Given the illiquid nature of farm wealth in Ireland, we may therefore anticipate that farm income and farm wealth enter the utility function in different proportions to one another, i.e. partial integration.3 In such circumstances, there is likely to be a relationship between wealth and the income risk of the farm but not in equal proportions. Cox and Sadiraj (2006) describe a model of expected utility of initial wealth and income under the following:
$$ {\displaystyle \int } u\left( w, y\right) d G={E}_G\left( u\left( w, y\right)\right) $$

where G is an integrable probability distribution function and u can be considered as a utility function of initial farm wealth w and farm income y. Andersen et al. (2011) refer to this as the PAI-EUT model as it allows for partial asset integration. The model allows for the polar opposite cases of FAI-EUT and NAI-EUT. Under FAI-EUT, the utility is due simply to the sum of initial farm wealth and farm income where \( u\left( w, y\right)= v\left( w+ y\right) \). Under NAI-EUT, the utility is entirely due to the farm income flows and \( u\left( w, y\right)=\varphi (y) \).

At present, the primary income protection policy for Irish farms is the wealth-inducing decoupled single farm payment. Enjolras et al. (2014) suggested that DP may have a slight positive association with income risk for crop farms in Italy, but this relationship was not statistically significant in France. French farms may have used the additional payment income as a way to shift down Blank’s (2001) “farming food chain” to less risky production systems. Smaller Italian farms may have less flexibility in their production systems. Irish farms also tend to be small and have limited opportunities for expansion or transition to different production systems on the “farming food chain” given the climatic limitations of Ireland.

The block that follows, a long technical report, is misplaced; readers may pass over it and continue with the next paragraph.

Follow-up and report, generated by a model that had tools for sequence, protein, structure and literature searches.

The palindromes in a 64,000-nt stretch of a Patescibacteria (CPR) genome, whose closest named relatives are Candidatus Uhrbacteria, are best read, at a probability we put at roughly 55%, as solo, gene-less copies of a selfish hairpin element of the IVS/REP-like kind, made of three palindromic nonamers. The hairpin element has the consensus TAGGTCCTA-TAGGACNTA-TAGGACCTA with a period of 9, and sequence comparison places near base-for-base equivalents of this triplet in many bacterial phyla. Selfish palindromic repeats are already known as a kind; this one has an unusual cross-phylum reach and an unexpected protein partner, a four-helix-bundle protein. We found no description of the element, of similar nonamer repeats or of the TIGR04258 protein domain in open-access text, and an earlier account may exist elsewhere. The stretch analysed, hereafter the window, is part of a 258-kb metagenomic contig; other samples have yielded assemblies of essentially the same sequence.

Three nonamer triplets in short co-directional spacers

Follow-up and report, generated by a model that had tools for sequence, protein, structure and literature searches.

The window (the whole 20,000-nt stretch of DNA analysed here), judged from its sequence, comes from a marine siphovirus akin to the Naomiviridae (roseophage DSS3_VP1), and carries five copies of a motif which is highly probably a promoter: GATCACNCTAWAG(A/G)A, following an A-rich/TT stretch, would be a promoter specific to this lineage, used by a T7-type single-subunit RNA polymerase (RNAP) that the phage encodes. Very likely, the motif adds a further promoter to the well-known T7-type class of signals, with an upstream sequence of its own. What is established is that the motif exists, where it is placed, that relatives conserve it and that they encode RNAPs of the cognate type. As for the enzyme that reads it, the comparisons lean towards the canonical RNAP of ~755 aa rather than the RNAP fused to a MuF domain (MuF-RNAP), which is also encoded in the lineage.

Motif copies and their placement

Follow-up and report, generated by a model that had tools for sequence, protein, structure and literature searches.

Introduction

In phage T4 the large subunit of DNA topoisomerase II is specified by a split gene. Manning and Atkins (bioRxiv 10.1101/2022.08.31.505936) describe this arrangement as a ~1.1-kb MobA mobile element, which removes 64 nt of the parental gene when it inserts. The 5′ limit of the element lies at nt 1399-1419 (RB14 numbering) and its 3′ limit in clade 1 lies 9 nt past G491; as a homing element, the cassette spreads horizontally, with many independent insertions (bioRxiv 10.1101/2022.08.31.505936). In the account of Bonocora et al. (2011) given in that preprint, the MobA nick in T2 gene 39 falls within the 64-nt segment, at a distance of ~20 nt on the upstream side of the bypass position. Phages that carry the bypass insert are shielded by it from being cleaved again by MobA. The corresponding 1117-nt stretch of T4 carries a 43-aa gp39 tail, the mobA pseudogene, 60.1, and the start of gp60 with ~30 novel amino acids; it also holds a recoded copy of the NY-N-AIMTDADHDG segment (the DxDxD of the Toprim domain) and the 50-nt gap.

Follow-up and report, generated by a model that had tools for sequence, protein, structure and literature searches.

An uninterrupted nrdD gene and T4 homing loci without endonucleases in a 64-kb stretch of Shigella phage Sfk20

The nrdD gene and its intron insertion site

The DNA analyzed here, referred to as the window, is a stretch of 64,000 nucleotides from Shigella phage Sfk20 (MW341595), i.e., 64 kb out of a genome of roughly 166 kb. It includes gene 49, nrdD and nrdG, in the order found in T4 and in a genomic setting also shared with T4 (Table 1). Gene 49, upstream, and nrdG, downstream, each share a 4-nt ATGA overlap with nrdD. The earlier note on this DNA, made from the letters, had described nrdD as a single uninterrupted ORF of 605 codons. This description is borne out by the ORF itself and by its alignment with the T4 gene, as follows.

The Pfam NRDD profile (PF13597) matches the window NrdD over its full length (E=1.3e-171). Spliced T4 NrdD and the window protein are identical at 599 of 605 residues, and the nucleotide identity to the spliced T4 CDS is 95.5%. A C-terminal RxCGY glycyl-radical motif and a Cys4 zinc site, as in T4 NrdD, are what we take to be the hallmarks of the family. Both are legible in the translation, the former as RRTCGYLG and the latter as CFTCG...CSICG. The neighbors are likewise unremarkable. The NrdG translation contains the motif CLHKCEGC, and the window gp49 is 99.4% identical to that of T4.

The relationship between risk and decoupled payments may be linked to the wealth effect of annual transfer payments (Kazukauskas et al. 2013). Rizov et al. (2013) also note that steady payments may increase farmers’ access to, and preference for, financial goods, therefore increasing financial risk (Rude 2008). Others may use single farm payments to reduce their amount of buffer savings or time spent in off-farm work. The SFP may also result in lower risk for less entrepreneurial “entitlement farmers” who use subsidies to maintain their incomes with less business risk (Thorne and Hennessy 2007). These studies highlight the debate over the risk effects of decoupled payments, but their conclusions are not necessarily applicable to the largely livestock based agricultural system in Ireland. Consequently, hypothesis H1 needs to be empirically tested in the Irish context.